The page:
Many of the characters in Mary Shelley’s novels are motivated by power and ambition. Her infamous character, Victor Frankenstein, is an example of someone who takes hubris to a whole new level by surpassing God’s abilities and creating a live human being. The concept of creating new life through modern chemistry fascinates Victor. In response, Frankenstein creates his own eight-foot being out of body parts he collects from a graveyard. Disgusted by what he creates, Victor goes mad, sails to Geneva, and takes comfort in the beauty and serenity of the ocean, until he encounters his creation once again. When Frankenstein refuses to create a companion for his monster, the monster seeks revenge by killing Frankenstein’s fiancée as well as Frankenstein himself. This illustrates one of the messages of the novel, that one should not try to “play God” even in pursuit of knowledge. In this way, Mary Shelley’s work depicts the conflict between Frankenstein’s ambition and his concern for the common good.
Victor Frankenstein’s creation is one giant transplant. Creating a human being out of sheer curiosity about human life raises ethical questions on its own. Similarly, the same year that Shelley wrote Frankenstein, James Blundell performed the first human-to-human blood transfusion. But, as the procedure was practiced from the seventeenth century and onward, observers raised ethical questions about the safety of the patients. These emerging questions led to improvements in blood transfusions, cures to diseases, screenings for diseases like malaria and AIDS, and the eventual use of embryonic cells and stem cells for research purposes ranging from cloning to cancer cures. Although blood transfusions improved in their safety and efficiency throughout the twentieth century, critics still raised questions about patient safety and issues of morality. In the twenty-first century, President Bush demonstrated his ethical concerns about these scientific developments by prohibiting the use of scientist James Thomson’s family of embryonic stem cells, or any family of stem cells for that matter, in research.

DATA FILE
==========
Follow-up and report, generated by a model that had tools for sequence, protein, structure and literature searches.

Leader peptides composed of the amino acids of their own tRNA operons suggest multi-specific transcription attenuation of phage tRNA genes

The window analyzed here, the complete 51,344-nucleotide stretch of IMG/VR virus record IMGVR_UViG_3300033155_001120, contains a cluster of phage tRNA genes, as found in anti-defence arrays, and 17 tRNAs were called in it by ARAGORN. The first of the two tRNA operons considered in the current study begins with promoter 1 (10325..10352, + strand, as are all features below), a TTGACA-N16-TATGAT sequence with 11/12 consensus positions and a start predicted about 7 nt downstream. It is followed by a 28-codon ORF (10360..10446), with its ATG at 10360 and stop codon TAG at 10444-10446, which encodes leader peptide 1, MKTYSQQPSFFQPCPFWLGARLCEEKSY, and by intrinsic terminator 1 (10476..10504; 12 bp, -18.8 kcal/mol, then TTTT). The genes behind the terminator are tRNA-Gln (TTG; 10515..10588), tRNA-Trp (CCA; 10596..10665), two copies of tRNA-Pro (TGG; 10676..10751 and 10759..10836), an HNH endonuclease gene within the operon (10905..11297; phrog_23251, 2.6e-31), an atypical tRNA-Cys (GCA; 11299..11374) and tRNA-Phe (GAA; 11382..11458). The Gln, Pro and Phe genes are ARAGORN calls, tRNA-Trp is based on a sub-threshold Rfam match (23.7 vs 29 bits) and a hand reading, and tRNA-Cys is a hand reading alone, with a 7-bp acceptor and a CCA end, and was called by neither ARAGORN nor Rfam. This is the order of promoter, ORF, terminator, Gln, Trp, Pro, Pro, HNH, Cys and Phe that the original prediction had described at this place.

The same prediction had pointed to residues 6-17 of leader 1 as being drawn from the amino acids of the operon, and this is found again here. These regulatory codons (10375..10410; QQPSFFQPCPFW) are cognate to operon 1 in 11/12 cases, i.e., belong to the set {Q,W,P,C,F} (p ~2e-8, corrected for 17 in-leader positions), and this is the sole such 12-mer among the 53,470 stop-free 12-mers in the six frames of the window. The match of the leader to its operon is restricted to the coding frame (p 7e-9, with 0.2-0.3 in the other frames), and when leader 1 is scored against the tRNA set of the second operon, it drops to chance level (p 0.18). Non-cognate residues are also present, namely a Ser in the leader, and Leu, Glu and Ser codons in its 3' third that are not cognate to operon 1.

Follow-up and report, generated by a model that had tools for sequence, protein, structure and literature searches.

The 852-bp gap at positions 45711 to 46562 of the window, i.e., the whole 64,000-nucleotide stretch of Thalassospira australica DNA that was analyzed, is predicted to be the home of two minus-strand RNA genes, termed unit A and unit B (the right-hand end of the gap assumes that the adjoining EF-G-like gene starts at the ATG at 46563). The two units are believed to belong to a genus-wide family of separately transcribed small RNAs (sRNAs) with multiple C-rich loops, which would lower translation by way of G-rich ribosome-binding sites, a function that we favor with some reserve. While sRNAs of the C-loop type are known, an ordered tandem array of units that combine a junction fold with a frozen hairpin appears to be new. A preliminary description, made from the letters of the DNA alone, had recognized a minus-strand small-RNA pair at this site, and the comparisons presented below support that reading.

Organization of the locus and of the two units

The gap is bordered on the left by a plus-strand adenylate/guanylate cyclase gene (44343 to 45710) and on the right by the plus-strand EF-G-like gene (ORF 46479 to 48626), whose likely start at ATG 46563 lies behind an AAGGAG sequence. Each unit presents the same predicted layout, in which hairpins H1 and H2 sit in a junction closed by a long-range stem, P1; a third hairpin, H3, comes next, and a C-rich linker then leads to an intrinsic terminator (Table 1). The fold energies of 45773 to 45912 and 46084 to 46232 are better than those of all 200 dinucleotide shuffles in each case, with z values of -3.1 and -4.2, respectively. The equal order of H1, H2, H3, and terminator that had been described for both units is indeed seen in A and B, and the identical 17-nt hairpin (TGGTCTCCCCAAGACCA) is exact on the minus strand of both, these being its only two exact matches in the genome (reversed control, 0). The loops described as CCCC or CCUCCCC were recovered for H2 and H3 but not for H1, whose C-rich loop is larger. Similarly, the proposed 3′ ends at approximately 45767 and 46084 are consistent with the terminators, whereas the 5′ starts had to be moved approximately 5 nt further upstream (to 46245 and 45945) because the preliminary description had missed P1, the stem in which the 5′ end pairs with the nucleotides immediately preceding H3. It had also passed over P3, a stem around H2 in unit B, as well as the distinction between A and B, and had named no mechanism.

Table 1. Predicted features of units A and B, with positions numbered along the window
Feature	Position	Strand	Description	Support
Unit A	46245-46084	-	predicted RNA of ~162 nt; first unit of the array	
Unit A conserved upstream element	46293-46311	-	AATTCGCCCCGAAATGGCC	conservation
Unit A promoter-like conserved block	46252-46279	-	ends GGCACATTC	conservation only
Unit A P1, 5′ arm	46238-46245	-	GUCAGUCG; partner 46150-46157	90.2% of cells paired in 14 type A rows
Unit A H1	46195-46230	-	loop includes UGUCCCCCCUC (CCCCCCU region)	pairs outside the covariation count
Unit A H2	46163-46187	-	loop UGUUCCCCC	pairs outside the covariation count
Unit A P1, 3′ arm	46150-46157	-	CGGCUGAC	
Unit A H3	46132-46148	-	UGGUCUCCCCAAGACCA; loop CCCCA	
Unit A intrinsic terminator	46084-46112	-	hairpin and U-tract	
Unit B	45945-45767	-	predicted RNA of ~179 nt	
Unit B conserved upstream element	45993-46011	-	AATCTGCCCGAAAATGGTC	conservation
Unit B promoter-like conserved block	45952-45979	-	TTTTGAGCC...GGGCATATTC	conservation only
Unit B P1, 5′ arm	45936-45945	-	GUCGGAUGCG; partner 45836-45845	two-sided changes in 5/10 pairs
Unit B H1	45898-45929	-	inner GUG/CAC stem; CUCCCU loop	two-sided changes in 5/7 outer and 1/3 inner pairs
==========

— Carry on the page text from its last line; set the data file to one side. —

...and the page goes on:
Major Works Consulted
Jonsen, Albert R. A Short History of Medical Ethics. New York: Oxford University Press, 2000.
Page, Jake. Blood: The River of Life. New York: Torstar Books, 1985.
Shelley, Mary. Frankenstein. New York: Dover, 1994.
--. Valperga. New York: University of Oxford, 2000.
"Mary Wollstonecraft Shelley | Biography - British Author." Encyclopedia Britannica Online. Encyclopedia Britannica, n.d. Web. 30 March 2015.